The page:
YOU ARE HERE: LAT HomeCollectionsNational Cancer Institute

National Cancer Institute

March 7, 2011 | By Chris Woolston, Special to the Los Angeles Times
Men of a certain age have heard the pitch many times: If they care about their health, they really should get their PSA checked. The simple blood test, men are told, can help uncover hidden cases of prostate cancer and potentially save their lives. More than 20 million American men get their PSA measured each year. Doctors often include the test as a routine part of checkups for men older than 40, and many insurance companies flat-out require it. Cancer awareness campaigns frequently tout PSA tests as an important weapon against the disease, something like a male version of mammograms.
January 12, 2011 | By Karen Kaplan, Los Angeles Times
Here’s some good news about the health of Americans: Life expectancy is increasing, and the U.S. Census Bureau predicts that the number of senior citizens (those age 65 or older) will grow from 40 million in 2009 to 70 million in 2030. The incidence of most kinds of cancer has been decreasing since the mid-1990s. Patients are surviving longer after being diagnosed with cancer. And here’s the bad news: Since cancer disproportionately strikes senior citizens, the total number of Americans diagnosed with cancer is projected to rise.
November 29, 2010 | By Shari Roan, Los Angeles Times
Skin cancer rates are rising in the United States despite the well-known warnings to use sunscreen and avoid excessive sun exposure. There may be another tool to guard against non-melanoma skin cancers, however. A study released Monday shows the painkiller celecoxib -- or Celebrex -- helped prevent skin cancers in patients with precancerous lesions. Celebrex is a nonsteroidal anti-inflammatory drug (or NSAID) that is used most often for arthritis pain. Researchers have long pondered its potential effectiveness as a cancer therapy.
November 5, 2010 | By Thomas H. Maugh II, Los Angeles Times
Advanced CT imaging can reduce deaths from lung cancer by 20% among heavy smokers by detecting tumors at an earlier stage when they are more treatable, according to results released Thursday from the first study to compare the value of CT scans and regular chest X-rays for lung cancer screening. The long-awaited results of the trial involving more than 53,000 former and current heavy smokers were so conclusive that the study was terminated ahead of schedule last week and letters were sent to all the participants advising them of the results.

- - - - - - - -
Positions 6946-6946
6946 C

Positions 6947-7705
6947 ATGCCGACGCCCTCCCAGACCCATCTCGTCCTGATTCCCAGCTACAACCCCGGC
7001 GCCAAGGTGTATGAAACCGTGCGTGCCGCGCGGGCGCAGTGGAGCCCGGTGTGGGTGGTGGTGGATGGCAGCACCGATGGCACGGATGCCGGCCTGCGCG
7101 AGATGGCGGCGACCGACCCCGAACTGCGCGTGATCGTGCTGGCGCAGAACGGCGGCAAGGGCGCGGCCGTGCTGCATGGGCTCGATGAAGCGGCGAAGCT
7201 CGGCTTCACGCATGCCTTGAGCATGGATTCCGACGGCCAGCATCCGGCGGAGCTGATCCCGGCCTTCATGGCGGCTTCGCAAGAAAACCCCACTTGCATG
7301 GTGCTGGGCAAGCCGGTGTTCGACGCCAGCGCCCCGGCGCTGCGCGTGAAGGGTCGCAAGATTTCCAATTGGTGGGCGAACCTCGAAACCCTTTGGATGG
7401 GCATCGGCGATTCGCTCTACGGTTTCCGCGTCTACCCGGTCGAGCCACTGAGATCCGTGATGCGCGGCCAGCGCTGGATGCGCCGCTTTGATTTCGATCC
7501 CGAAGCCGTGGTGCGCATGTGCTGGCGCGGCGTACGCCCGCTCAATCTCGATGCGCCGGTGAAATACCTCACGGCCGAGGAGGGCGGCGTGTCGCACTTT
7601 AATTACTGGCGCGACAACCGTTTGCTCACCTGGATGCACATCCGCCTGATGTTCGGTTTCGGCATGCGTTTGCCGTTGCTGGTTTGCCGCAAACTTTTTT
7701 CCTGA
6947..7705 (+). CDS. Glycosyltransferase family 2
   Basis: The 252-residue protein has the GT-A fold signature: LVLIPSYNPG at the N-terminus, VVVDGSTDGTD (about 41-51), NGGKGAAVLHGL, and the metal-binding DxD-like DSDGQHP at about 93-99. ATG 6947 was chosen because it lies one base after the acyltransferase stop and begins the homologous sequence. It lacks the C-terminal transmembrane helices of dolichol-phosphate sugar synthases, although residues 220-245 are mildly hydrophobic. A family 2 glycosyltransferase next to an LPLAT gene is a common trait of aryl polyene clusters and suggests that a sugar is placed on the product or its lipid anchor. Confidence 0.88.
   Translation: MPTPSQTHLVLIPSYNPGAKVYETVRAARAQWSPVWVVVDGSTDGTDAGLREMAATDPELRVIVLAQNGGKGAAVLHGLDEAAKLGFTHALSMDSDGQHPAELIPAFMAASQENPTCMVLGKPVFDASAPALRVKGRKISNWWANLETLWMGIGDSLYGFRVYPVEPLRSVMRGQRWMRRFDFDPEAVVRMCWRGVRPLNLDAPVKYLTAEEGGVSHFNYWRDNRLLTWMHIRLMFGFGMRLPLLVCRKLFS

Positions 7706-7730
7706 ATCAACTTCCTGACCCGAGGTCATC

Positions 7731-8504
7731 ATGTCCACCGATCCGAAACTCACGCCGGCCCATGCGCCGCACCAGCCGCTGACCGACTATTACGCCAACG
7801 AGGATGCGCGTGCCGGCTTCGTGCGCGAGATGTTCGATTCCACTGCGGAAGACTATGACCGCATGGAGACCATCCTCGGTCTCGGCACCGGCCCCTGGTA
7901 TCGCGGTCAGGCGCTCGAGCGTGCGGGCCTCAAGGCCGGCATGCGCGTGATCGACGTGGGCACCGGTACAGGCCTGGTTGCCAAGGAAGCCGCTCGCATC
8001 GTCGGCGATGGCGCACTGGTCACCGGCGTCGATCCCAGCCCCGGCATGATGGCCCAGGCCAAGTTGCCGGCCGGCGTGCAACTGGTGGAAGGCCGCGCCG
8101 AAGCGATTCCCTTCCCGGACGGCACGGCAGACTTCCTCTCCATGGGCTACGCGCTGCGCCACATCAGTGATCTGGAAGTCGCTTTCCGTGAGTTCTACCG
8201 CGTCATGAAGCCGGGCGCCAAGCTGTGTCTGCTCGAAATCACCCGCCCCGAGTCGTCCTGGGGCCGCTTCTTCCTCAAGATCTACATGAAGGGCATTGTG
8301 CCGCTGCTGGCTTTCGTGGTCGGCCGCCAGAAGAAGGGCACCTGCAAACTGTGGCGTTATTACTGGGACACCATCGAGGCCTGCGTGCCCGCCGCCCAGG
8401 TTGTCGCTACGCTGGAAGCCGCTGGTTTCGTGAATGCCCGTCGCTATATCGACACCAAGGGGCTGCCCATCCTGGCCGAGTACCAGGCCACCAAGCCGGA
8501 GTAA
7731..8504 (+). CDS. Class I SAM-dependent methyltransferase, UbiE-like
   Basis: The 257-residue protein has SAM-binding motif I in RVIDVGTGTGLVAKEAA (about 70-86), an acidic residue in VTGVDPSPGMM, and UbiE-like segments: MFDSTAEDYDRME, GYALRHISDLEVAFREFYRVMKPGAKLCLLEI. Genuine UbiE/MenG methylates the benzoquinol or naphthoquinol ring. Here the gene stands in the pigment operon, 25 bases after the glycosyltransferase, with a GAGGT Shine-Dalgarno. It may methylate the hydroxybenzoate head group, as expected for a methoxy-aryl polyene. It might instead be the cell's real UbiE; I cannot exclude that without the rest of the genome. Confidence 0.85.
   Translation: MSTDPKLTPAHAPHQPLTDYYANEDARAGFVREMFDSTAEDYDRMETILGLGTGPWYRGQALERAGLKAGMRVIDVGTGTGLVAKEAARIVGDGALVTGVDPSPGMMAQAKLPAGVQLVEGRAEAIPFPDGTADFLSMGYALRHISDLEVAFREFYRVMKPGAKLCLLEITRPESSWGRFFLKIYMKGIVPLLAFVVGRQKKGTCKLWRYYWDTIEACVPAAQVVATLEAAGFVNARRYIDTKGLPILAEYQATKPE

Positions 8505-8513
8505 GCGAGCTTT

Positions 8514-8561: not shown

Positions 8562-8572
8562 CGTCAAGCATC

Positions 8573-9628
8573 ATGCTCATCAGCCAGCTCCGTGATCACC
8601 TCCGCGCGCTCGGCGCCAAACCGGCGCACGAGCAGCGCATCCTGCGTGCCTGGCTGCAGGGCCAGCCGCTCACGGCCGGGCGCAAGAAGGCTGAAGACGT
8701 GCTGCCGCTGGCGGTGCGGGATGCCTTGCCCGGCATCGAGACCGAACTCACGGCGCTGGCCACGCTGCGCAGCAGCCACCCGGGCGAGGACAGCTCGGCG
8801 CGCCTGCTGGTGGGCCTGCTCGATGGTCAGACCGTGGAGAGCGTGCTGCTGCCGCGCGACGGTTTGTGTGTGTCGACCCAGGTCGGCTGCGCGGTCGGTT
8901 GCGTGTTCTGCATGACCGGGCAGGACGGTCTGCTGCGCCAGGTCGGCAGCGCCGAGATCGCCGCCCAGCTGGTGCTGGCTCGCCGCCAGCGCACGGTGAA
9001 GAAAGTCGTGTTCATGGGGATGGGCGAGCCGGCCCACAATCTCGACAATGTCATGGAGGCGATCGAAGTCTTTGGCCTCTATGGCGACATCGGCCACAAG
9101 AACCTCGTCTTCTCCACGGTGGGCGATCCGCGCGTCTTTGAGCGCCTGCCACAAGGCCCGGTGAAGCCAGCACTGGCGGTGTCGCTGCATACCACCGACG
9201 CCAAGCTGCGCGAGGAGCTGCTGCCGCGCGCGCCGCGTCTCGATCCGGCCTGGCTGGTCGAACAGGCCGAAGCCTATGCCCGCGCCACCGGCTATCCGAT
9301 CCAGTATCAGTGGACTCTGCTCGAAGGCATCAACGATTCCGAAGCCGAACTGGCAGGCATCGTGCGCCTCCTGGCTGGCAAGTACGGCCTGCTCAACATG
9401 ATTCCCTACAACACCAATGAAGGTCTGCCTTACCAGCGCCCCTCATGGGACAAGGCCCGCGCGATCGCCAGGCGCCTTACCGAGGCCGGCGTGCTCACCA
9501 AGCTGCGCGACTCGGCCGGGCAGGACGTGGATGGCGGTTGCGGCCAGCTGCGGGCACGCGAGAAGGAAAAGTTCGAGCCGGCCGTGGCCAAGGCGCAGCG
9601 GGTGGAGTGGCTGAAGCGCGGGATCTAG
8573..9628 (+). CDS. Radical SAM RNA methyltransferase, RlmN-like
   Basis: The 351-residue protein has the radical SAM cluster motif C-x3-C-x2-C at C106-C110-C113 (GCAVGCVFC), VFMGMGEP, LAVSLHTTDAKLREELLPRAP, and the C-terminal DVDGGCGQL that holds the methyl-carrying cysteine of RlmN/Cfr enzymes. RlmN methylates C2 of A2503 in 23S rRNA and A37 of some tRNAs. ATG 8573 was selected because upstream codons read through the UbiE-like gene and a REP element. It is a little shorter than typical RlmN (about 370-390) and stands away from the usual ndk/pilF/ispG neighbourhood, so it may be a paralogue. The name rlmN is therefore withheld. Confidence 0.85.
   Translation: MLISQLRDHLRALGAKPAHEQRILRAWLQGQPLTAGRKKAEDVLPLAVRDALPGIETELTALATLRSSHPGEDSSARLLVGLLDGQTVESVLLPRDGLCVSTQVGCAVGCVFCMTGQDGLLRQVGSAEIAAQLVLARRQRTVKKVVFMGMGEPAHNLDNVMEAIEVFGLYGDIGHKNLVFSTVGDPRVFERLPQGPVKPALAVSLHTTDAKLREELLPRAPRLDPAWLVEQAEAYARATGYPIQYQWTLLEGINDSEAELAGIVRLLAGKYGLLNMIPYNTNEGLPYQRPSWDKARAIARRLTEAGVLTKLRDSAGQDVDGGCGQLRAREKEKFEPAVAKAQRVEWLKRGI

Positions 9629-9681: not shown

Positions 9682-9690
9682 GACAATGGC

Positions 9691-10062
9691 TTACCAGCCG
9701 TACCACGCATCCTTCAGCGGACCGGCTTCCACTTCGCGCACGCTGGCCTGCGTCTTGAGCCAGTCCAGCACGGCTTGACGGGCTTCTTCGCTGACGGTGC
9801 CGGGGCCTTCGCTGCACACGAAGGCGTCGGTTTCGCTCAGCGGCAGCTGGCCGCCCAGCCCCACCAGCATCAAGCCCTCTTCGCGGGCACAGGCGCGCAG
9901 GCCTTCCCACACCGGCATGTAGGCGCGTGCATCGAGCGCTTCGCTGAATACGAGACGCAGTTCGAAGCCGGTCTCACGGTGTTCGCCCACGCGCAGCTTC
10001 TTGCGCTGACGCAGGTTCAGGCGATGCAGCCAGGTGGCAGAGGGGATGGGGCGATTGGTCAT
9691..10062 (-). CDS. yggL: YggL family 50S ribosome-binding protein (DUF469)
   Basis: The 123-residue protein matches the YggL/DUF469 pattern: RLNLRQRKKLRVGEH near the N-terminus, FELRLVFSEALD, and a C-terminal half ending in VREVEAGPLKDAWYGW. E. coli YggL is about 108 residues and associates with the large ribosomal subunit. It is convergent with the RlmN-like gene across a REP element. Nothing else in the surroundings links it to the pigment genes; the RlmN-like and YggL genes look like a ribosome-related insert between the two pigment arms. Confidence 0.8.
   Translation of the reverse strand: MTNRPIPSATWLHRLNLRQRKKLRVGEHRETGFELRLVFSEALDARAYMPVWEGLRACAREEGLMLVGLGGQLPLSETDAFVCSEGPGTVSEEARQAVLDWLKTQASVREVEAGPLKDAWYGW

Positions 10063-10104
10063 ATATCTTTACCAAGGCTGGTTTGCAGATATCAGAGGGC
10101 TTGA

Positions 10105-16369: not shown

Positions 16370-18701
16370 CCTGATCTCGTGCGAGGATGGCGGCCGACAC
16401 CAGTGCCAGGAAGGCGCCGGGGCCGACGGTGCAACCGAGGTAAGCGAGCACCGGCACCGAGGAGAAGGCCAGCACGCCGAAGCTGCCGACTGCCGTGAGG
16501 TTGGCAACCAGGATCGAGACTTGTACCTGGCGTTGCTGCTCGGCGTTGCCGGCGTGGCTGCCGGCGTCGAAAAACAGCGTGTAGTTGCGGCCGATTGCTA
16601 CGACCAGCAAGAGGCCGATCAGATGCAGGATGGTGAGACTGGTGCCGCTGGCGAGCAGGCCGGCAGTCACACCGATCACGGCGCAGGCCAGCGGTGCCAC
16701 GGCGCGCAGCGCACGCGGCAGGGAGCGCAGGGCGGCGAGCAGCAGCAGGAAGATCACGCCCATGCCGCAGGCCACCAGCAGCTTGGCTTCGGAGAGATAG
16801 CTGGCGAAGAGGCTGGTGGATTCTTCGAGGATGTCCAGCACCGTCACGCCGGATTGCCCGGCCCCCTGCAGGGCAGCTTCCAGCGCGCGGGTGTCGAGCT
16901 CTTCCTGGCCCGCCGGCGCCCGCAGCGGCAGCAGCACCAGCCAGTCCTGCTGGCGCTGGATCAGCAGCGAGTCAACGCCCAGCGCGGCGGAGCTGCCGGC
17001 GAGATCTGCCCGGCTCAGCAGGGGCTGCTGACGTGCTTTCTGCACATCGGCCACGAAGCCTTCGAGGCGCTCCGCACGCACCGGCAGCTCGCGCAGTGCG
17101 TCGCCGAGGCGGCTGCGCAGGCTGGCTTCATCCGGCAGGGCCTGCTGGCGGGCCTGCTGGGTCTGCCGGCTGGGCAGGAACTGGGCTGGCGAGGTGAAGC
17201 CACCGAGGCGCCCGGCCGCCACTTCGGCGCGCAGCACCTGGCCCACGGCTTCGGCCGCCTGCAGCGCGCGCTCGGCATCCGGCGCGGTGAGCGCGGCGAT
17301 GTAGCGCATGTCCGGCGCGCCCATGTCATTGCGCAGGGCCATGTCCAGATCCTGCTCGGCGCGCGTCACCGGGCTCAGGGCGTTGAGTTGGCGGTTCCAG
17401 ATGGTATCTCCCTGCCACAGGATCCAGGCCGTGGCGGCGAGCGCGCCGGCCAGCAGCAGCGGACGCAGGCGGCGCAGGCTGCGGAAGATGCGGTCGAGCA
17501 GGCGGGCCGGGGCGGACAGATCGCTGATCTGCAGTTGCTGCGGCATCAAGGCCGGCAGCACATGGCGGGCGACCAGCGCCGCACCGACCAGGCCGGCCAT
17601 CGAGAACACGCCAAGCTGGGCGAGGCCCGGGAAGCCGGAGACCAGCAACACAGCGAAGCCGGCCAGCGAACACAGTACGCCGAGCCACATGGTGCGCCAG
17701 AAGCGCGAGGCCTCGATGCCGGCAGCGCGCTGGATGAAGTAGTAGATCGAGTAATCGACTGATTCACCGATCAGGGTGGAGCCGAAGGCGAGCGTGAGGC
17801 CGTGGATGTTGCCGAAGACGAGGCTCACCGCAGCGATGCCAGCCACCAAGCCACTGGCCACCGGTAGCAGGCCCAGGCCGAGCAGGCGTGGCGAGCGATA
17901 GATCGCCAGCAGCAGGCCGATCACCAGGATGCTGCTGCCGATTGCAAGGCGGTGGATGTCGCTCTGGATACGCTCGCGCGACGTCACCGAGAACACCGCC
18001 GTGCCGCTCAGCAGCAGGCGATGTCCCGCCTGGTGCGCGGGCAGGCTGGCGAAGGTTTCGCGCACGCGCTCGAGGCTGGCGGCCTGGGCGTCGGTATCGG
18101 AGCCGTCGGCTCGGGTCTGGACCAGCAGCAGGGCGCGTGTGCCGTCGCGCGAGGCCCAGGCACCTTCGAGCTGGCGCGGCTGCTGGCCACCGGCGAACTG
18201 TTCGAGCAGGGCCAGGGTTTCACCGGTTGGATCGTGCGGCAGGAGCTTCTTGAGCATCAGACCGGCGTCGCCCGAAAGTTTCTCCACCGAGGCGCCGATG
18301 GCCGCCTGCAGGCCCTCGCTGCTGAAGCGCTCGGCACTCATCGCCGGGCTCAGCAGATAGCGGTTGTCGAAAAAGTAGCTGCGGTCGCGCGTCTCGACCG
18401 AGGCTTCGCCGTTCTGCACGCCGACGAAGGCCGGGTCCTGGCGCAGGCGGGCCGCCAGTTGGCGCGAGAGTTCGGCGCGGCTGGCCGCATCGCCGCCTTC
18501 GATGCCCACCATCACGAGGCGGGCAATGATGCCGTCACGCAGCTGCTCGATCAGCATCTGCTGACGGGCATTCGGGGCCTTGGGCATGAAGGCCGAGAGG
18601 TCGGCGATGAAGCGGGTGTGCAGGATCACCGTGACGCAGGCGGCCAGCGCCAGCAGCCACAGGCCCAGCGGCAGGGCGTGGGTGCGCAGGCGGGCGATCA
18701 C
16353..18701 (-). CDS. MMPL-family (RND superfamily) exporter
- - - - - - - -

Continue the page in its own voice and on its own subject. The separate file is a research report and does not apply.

October 28, 2010 | By Mary Forgione, Los Angeles Times
For many women, the fight against breast cancer is public, with support from friends and family and frequent discussions with healthcare professionals about side effects and treatment. But part of that fight is intensely private -- rarely more so than when it affects their sex life. Certain chemotherapy drugs send women into early menopause within a few months. That, coupled, with hair loss and disfiguring mastectomies, leave some breast cancer survivors struggling to be intimate again, a new study finds.
October 25, 2010
Robert Benmosche, AIG’s chief executive, is reportedly undergoing what’s been termed "aggressive chemotherapy," but what is aggressive chemotherapy? Details are scant about Benmosche’s condition at the moment, much less his type of cancer – or treatment. ALSO: AIG’s agrees, in principle, to repay taxpayer money But the National Cancer Institute says this about how often – and how long – a patient receives chemotherapy: "Treatment schedules for chemotherapy vary widely.
September 10, 2010
Asian Americans are known to have disproportionate numbers of liver cancers because of the high incidence of hepatitis B in that population, but new data indicate that Laotian Americans and Hmong Americans have even higher numbers and are more than twice as likely as other Asian Americans to die of it. Moreover, the disease tends to be diagnosed in those two groups at a late stage when it has already spread and they are less likely to receive treatment, UC...
September 1, 2010 | By Thomas H. Maugh II, Los Angeles Times
A growing body of evidence suggests that the widely used diabetes drug metformin can reduce the risk of cancer, researchers said Wednesday. A study in mice exposed to tobacco carcinogens shows that the drug can reduce the development of lung tumors by more than 70%, and results from a small clinical trial in Japan suggest it can reduce rates of colorectal tumors in humans. The National Cancer Institute is now organizing a clinical trial to test the drug in people who smoke, and other trials are testing it against breast and prostate cancer.
August 19, 2010
It's a classic chicken/egg conundrum. Men with a family history of prostate cancer are thought to be more likely to develop the disease themselves, so it is recommended they get screened for the disease more often. But frequent screenings make it more likely a prostate tumor will be found -- including tumors that are not dangerous. So are those men with a father or brother with the disease more likely to have a tumor diagnosis because of genetics -- or because they are more likely to be screened?
August 11, 2010
Most physicians are reluctant to prescribe the drug finasteride to prevent prostate cancer in older men with elevated risk of the disease, despite evidence that the drug can reduce risk by about a quarter, researchers said Tuesday. "There are no other proven ways of reducing yours risk of prostate cancer -- this is the only one," Dr. Ian M. ThompsonĀ of the University of Texas Health Science Center in San Antonio, told Bloomberg. Its use could reduce new diagnoses by "tens of thousands," he said.
Los Angeles Times Articles